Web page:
• Post Reply Bookmark Topic Watch Topic
  • New Topic

identify these mushrooms  RSS feed

 
Jami McBride
gardener
Posts: 1948
Location: PNW Oregon
25
books chicken duck food preservation forest garden hugelkultur trees
  • Mark post as helpful
  • send pies
  • Quote
  • Report post to moderator
My yard is exploding with mushrooms.  Mostly of the same type....


In my lawn/pasture


In my flower beds

These pictures show the various stages of the same mushroom. 
Does anyone know the type and can we eat them?

Thanks,

~Jami
 
Irene Kightley
pollinator
Posts: 384
Location: South West France
27
  • Mark post as helpful
  • send pies
  • Quote
  • Report post to moderator
From your photos they look very like St George mushrooms BUT be very careful they could also be the deadly Death Cap (Amanita phalloides) or any of hundreds of white species of mushroom

You should show them to an expert who will show you how to do a spore test to find out what they are and whether or not they're edible.

Amanita
http://en.wikipedia.org/wiki/Amanita_phalloides

St Georges
http://www.celtnet.org.uk/recipes/ancient/wild-food-entry.php?term=St%20Georges%20Mushroom

http://www.rogersmushrooms.com/gallery/DisplayBlock~bid~5697.asp
 
Jami McBride
gardener
Posts: 1948
Location: PNW Oregon
25
books chicken duck food preservation forest garden hugelkultur trees
  • Mark post as helpful
  • send pies
  • Quote
  • Report post to moderator
Thank you so much for the reply and links - great info.

I see what you mean about how they can be confused.

~Jami
 
                      
Posts: 8
  • Mark post as helpful
  • send pies
  • Quote
  • Report post to moderator
that's biodiversity in your yard!
You are right, it is very very important to seek advice before eating any kind of mushroom, Amanita palloides for example can kill you.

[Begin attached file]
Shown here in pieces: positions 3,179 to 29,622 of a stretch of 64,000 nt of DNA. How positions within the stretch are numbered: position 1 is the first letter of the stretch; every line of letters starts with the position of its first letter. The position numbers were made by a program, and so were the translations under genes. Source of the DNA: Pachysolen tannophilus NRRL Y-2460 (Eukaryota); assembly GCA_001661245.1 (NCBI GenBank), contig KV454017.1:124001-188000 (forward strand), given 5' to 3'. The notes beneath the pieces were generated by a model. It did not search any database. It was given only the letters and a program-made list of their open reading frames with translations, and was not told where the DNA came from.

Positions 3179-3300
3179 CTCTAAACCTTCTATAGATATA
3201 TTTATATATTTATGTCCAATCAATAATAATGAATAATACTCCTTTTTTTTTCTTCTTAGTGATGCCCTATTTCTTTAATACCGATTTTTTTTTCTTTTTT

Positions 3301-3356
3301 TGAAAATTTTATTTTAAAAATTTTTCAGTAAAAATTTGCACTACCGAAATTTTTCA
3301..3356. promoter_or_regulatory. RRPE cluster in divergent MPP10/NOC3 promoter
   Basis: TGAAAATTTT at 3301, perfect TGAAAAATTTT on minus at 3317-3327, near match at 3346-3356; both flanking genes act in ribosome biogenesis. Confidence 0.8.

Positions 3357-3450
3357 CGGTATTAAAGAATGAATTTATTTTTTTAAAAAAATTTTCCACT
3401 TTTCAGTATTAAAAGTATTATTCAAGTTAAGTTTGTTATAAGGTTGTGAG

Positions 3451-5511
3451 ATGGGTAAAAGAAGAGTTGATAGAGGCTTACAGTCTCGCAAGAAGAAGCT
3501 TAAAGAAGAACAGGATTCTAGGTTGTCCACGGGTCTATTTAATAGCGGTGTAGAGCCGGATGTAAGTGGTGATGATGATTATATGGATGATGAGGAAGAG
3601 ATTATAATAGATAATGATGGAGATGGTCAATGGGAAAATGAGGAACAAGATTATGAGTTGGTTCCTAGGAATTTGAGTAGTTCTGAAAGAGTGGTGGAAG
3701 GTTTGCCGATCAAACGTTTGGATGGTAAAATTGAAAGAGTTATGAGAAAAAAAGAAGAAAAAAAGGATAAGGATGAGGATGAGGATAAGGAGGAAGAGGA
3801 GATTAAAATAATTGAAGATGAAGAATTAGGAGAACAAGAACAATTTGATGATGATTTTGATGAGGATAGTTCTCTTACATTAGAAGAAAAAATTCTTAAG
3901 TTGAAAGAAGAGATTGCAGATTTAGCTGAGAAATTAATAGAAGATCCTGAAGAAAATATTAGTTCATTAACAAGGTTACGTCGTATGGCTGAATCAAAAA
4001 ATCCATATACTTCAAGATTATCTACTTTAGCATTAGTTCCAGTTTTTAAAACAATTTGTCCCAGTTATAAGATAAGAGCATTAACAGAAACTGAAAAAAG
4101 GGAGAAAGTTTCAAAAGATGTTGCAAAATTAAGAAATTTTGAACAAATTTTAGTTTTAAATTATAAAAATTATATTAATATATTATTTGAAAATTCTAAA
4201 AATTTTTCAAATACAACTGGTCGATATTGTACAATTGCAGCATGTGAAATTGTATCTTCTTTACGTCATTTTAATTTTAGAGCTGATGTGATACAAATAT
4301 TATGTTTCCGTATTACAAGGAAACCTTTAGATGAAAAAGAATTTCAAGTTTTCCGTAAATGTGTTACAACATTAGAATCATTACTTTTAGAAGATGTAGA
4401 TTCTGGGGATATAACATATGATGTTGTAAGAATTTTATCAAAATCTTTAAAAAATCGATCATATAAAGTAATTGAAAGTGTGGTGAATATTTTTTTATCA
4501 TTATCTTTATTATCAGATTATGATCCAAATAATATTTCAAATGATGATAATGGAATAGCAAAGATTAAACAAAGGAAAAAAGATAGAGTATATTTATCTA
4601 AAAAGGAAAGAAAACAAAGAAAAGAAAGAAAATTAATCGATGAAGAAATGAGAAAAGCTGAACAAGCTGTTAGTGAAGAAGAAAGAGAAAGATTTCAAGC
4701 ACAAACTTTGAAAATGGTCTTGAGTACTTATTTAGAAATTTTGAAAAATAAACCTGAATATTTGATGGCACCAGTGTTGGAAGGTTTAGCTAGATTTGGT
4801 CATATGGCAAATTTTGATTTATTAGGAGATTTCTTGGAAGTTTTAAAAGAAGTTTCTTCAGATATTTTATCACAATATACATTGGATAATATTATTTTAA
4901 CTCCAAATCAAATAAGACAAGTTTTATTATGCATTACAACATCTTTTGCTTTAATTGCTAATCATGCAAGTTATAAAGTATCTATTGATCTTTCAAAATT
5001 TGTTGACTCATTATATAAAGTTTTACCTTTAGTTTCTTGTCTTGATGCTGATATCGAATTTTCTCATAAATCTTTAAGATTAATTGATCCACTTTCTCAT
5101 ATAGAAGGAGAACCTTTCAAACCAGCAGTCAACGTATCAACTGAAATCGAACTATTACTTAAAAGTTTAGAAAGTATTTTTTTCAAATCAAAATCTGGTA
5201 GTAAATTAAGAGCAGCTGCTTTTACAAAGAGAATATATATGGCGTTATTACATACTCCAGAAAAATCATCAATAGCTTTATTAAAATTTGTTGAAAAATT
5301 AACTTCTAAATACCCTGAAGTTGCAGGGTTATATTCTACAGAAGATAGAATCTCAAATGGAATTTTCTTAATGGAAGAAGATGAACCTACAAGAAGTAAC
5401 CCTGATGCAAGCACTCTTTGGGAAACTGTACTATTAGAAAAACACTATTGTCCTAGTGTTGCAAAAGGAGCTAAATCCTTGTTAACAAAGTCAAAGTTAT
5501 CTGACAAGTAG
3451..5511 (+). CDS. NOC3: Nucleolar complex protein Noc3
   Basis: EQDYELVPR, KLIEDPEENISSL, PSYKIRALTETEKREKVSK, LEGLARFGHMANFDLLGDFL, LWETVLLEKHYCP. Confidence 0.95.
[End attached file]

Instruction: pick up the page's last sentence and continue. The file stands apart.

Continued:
I am not an expert, but please allow me to guess. Your two photos give only impressions, incomplete information for identification, so the best is only to make big guesses from which you may start your research : the white ones beside the flower pothmost probably are from the family Agaricaceae; the brown behind probably are from the family Russulaceae; the white ones on your pasture probably are also from the family Agaricaceae, perhaps Agaricus campestris (also) because they have sprouted from your lawn.
Happy mushrooming!
 
Haru Yasumi
Posts: 102
  • Mark post as helpful
  • send pies
  • Quote
  • Report post to moderator
I wouldn't go out eating any of those without a 100% positive identification.  If you are really interested in finding out, one step that will help immensely with identification is taking a spore print.  This can be done by cutting off a cap and leaving it face down on a piece of paper and covered for half a day or more with a glass to keep the cap from dehydrating (though you probably want to put a corner of the glass on a towel or something to avoid the cap molding).  The spores will all fall from the gills onto the paper and their color is often a key identifying feature for mushrooms.
 
please buy my thing and then I'll have more money:
Thread Boost feature
https://permies.com/wiki/61482/Thread-Boost-feature
  • Post Reply Bookmark Topic Watch Topic
  • New Topic
Boost this thread!